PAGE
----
The BBC would become ‘stuffy’ and ‘rather dull’ if it were made to scale back its ambitions and stop appealing to young audiences.
This was the response of BBC chief operating officer Caroline Thomson to a series of opinion pieces published over the past week calling for the broadcaster to rethink its scope and priorities in the wake of the Russell Brand row.
Thomson, who joined the corporation as a trainee journalist in the Seventies, said it was vital that the BBC continued to cater for younger audiences, and defended its ambitions to grow its reach.
Speaking at an event organised by journalism think-tank Polis at the London School of Economics last night, she said: “We should serve all audiences. That’s the way you encourage active citizenship.
“You don’t do it if your brand is a stuffy, elderly-looking brand full of worthy and rather dull programmes.”
She added: “If we withdrew to the model [some critics] want, we would be like the PBS system in the United States, which makes remarkable programmes but in terms of its national impact is tiny.
“By having this broad appeal, the BBC can have a real impact.”
Conservative party leader David Cameron added his voice this week to those calling for the BBC’s scope and ambitions to be reviewed.
Writing in The Sun on Monday, he argued that the broadcaster had “lost touch with the values of people”, “become oversized and over-reached itself” and needed to be “given a clear remit”.
Thomson responded: “To the David Cameron point of have we lost touch with the licence fee-payers, the people who listen to the Russell Brand show pay the licence fee.”
She acknowledged that the BBC faced a “dilemma” with its proposals to launch 65 local video news websites across the UK – and said the corporation needed to be sensitive to the concerns of the wider media.
“Obviously some of the newspaper coverage [of the BBC] is undoubtedly driven by the fact that we are all in competition,” she said.
“We are very big, we are very secure and because of online we are coming more and more into conflict with other traditional media.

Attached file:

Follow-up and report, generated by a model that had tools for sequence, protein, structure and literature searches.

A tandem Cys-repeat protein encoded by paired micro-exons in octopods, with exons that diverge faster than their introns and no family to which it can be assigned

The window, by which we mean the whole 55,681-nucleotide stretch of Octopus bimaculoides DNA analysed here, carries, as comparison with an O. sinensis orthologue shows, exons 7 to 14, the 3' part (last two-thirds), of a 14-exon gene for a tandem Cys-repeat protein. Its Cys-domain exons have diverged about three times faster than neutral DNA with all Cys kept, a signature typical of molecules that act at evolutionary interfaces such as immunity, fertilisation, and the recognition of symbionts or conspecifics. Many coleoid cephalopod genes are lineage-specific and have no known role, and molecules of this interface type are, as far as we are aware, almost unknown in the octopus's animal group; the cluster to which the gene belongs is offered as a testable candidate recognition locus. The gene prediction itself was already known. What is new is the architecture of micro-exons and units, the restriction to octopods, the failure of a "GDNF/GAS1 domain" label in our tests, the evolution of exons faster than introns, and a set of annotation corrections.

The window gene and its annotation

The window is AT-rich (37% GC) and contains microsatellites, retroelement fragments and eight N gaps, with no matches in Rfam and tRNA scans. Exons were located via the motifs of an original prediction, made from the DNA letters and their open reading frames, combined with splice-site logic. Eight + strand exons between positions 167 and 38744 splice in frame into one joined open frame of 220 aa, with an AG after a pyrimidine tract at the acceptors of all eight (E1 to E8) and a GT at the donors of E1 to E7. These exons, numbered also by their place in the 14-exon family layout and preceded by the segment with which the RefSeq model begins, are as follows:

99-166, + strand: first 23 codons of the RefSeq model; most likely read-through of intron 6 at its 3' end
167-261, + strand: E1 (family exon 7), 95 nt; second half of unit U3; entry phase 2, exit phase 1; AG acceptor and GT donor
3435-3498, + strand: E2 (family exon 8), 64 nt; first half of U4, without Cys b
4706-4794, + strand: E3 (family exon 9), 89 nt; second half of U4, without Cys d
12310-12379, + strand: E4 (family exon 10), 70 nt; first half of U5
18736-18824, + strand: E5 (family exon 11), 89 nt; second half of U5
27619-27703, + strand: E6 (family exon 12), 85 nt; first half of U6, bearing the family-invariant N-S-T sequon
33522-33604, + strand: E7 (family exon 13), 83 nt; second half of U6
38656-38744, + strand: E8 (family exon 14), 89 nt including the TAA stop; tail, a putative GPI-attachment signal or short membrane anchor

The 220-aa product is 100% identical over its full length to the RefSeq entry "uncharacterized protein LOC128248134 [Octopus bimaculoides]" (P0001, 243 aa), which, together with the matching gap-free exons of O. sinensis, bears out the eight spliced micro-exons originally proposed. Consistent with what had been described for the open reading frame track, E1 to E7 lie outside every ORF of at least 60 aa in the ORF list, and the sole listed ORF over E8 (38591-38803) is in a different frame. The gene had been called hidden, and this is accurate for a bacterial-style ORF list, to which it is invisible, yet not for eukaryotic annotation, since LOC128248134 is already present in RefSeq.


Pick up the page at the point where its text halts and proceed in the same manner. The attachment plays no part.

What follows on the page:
“Nobody in the BBC wants us to be in the position where we end up in a one-party state with no one else around. That would be a disaster.”
The BBC is keen to create more partnerships with media organisations and share resources – a system Thomson described as “turning the BBC inside out”.
The sharing initiative is seen by the corporation as a way of easing the funding issues facing Channel 4 – and a better alternative to giving it a share of the licence fee.
The BBC Trust will publish the findings of its investigation into the local video plan later this month – but the Newspaper Society has voiced concern that the public value test lacks independence and impartiality.
Thomson said she was supportive of the system put in place by the Trust, working with media regulator Ofcom, to investigate what impact the video proposal will have on the wider media.
“There’s a system in place to check our constant imperial ambitions – the ever-onward march,” she said.
Polis director Charlie Beckett said the BBC was “paying the price of its successes and others’ failures” – and needed to support its rivals rather than protecting its own interests.
“The BBC has always been something of a contradiction,” he said. “It’s there theoretically to answer for a market failure but it’s always been much bigger than that and had an internal logic of its own.
“In a digital, devolved media world, perhaps we need a broken-up rather than a broken-down BBC.
“Now is the time to redesign the monolith as a genuinely open organisation that facilitates others rather than just protecting itself.”